Bitcoin Ordinals easy introduction
What are Bitcoin Ordinals?
Essentially, Ordinals is a system overlaid on Bitcoin which allows individual satoshis (and as you’re no doubt aware, satoshis are the smallest unit of bitcoin, akin to cents or pennies) to be identified according to their age. In the Ordinals numbering system, the first satoshi of the first block ever mined, has a value of 00000000000000000000.
As a simple analogy, pretend that an inept central banker has just printed a run of banknotes without any serial numbers. As there’s no numbering system to identify your individual bills, and as they’re identical in all other respects, there’s no way to track these bills as they circulate through the economy.
As a simple analogy, pretend that an inept central banker messed up his order to the Mint, and they’ve just printed off a run of crisp new banknotes without any serial numbers.
As there’s no numbering system to identify the individual bills, and as they’re identical in all other respects, there’s no way to track these bills as they circulate through the economy. Absent any markings or wear and tear, all the new bills look exactly alike.
This situation whereby units of currency are indistinguishable is known as “fungibility,” and it’s the default – and desirable – state of Bitcoin. While BTC being fungible is a desirable property in terms of monetary freedom, for obvious reasons it works against implementing the asset class known as Non-Fungible Tokens (or NFTs) in Bitcoin.
Let’s return briefly to our banknote analogy. In a heroic effort, the central banker manages to round up all his bungled bank notes, and scrawl serial numbers on them using invisible ink. As a result, anybody with a UV light can read the secret serial numbers on the bills, and so track them. Ordinals is much like this method of invisible ink and UV light numbering, only applied to digital satoshis instead of physical banknotes.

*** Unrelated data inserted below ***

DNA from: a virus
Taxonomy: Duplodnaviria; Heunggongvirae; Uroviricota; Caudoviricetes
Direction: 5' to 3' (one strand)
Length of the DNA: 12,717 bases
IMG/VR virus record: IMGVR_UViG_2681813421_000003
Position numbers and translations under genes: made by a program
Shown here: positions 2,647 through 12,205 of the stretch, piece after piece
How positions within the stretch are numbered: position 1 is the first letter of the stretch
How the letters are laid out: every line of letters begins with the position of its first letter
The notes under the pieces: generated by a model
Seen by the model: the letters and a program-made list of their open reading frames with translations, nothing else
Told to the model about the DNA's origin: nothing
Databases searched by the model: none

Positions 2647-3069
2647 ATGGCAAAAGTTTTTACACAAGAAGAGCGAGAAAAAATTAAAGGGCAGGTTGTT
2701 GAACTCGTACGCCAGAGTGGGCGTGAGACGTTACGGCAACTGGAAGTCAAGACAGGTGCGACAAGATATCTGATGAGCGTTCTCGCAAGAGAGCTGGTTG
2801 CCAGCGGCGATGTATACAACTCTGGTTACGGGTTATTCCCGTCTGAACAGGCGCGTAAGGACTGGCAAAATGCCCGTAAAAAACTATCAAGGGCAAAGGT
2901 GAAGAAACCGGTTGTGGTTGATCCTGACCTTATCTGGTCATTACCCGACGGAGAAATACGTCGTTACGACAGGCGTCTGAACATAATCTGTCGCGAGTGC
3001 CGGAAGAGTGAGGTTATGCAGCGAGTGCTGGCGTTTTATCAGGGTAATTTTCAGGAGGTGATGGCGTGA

The nice thing about Ordinals is that it’s entirely optional. For those without interest in “Bitcoin NFTs,” it’s like Ordinals doesn’t even exist and, due to the rather theoretical way in which it works, it certainly won’t help anyone to track the movement of their coins. However, for those who are interested in “Bitcoin NFTs” – more properly known as Inscriptions – they can use the relevant software to superimpose a workable image of non-fungibility onto their satoshis. From there, it’s just a hop and a skip to to Bitcoin Non-Fungible Tokens!
Once a satoshi has been uniquely identified within the Ordinals system, it can be Inscribed, which is to say permanently associated with up to 4 megabytes of data, be it image, audio, text, or code. You can think of this Inscription creation process as like an autograph. Pretend some famous figure, let’s say Chuck Norris himself, autographs one of our bungling banker’s bills – and just for fun, Mr. Norris also uses an invisible ink pen. For those outside the UV light clique, Chuck’s buck would look like any other and so hold equivalent value. For anyone using UV however, that bill is suddenly worth a whole lot more for bearing the great man’s signature. If you were the bill’s owner and you were wise to the system (and now you are), you could frame it or perhaps sell it for a fortune.